I need to rewatch Song to Song.
That thought filled my head as the film concluded. Song to Song was beautiful, immersive, intimate, moving, and yes, a little weird, in ways that few films are. Those facts alone are not enough to compel a rewatch. This one is: Song to Song contained themes that provided me that feeling that fuller absorption would teach something important about life.
So I rewatched and yup, that feeling was accurate.
Because I now better understand the internal battle between freedom and universal needs. That in a quest to be free, people wrongly reject needs everyone has, including themselves. This rejection seems to be a triumph – all those other people need stuff that I don’t which makes me stronger – but time will teach you it isn’t. Realizing you were wrong will at once be incredibly painful, and yet also liberating. And the sooner you realize rejection is the opposite of triumph, the sooner you’ll be able to live a full life. This full life necessarily includes a type of connection with other people that’s only possible once you appreciate everyone shares some similar needs.
These “needs” were weaved throughout the journey of the protagonist (and only character with a name) Faye (Rooney Mara). It started with love, continued with goodness, and ended with mercy.
Beliefs come with costs. (Yes, even religious ones that sometimes find defense by incorrectly interpreting Pascal’s wager as a no-lose proposition.)
There is a cost to believing in love. What if I’m wrong? What if I have to deal with a lifetime of pain? What if my love isn’t returned? What happens if I change? These are all reasonable questions. They are also questions that can’t really have an answer in the present moment.
There’s then the opposite question: What happens if I have love and don’t commit to it and miss out on the most important thing in my life? Knowing the answer to this question, which you can only really know if you lost love, is a top draft choice in the draft of “Worst Life Regrets.”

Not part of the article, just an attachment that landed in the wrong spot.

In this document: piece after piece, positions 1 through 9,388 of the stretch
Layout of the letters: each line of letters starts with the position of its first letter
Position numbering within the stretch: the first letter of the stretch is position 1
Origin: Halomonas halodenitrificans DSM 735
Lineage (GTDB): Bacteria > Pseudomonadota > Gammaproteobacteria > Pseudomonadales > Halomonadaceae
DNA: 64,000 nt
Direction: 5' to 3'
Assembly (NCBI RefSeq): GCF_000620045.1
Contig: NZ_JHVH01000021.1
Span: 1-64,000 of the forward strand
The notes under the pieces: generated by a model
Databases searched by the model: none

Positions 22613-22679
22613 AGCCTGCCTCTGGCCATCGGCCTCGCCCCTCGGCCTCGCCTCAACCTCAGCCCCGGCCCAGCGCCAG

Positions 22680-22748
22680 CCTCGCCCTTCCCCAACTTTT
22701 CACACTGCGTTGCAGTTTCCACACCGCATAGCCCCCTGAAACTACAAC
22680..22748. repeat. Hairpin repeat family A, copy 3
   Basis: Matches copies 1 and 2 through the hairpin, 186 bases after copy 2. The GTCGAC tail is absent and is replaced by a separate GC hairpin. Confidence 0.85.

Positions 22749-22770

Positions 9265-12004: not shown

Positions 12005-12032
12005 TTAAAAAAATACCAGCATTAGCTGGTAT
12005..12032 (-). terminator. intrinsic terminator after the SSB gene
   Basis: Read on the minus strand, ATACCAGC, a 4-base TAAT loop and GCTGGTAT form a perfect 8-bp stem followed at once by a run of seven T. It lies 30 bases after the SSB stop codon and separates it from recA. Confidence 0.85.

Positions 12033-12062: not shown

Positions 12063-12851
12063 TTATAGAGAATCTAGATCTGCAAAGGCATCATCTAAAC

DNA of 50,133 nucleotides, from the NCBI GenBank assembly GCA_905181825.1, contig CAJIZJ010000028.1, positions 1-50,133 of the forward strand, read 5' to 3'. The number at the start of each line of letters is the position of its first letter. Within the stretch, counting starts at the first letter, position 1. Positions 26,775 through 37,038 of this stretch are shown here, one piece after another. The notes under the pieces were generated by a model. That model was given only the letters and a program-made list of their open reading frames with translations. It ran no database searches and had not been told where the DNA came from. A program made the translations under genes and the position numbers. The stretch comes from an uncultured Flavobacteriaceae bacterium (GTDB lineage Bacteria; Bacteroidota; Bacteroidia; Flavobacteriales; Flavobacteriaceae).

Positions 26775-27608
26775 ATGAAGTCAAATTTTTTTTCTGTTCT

Faye knows this answer. She knows what it’s like to live with the crippling regret that makes you reconsider everything and anything. To have had something beautiful and to have wasted it. To be overwhelmed with thoughts like, “I took sex, a gift, and played with it. I played with the flame of life.”
She was right too. She did have it. Michael Fassbender (remember, the characters don’t have names) appropriately described her love: “They have a beauty in their life that makes me ugly.”
Song to Song depicted this simple, everyday joy of love rather extraordinarily. It may have been close camera shots or exquisite acting, but whatever the case, I cannot remember a more realistic depiction of love’s upside.
So it wasn’t like Faye had no idea she might be giving up important things as she “revolted against goodness.” It’s just that her identity was invested in not needing “what made life sweet” for other people. When you don’t possess the things other people have, the easiest form of self-defense is to claim you are unique and transform potential weakness into condescending nobility.
My favorite line in the entire film. That word “mercy.” Okay, I can admit I need love and goodness, but mercy? No way. Only weak people need that. That’s why this line was such a golden summation of where Faye was and where she is by the end.